How Field Experiences Influence Perceptions of Learning to Teach in a Precollegiate Urban

Jun. 01, 2016

Source: Action in Teacher Education, Volume 38, Issue 3, 2016, Pages 278-296

This study examined the support, instruction, coursework, discussions, field and clinical experiences, and critical reflection that took place within a precollegiate Urban Teaching Academy (UTA) magnet program located in a southeastern school district.

Two major themes emerged with sub-themes undergirding each. The first theme of disparate program-based experiences highlighted the three unique structures each teacher implemented to expose their students to the realities of teaching, which included their emphasis—or lack thereof—on coursework and field and clinical experiences. The second theme of student reactions to their learning experiences expressed the three differentiated curricular experiences students encountered.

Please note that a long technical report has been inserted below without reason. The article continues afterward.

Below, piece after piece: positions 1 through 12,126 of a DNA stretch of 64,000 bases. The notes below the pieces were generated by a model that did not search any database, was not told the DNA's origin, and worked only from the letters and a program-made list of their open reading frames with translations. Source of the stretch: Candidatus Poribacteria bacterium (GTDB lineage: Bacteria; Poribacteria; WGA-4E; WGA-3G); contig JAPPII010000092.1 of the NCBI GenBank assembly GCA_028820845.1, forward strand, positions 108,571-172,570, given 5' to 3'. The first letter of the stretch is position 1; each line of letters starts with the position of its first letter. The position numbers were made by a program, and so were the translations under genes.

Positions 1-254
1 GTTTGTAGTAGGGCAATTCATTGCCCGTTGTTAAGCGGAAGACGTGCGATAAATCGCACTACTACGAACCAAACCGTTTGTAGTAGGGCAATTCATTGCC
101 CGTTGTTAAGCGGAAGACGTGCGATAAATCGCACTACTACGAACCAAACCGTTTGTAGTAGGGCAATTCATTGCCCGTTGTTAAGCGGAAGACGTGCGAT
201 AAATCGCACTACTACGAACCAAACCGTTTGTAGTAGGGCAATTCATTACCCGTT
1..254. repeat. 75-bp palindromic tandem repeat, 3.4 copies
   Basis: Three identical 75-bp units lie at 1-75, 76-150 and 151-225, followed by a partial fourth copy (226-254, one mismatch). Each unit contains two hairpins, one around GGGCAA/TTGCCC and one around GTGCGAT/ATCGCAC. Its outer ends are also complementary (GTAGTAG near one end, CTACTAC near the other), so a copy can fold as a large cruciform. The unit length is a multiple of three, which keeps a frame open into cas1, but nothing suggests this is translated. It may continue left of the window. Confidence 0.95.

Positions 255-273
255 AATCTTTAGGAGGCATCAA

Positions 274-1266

Data interpretations confirmed the importance of using book work, instruction, discussions, and critical reflection regarding classroom events as scaffolding to support the preparation of future teachers within the context of urban field and clinical experiences through precollegiate pipeline programs.

Updated: Aug. 13, 2017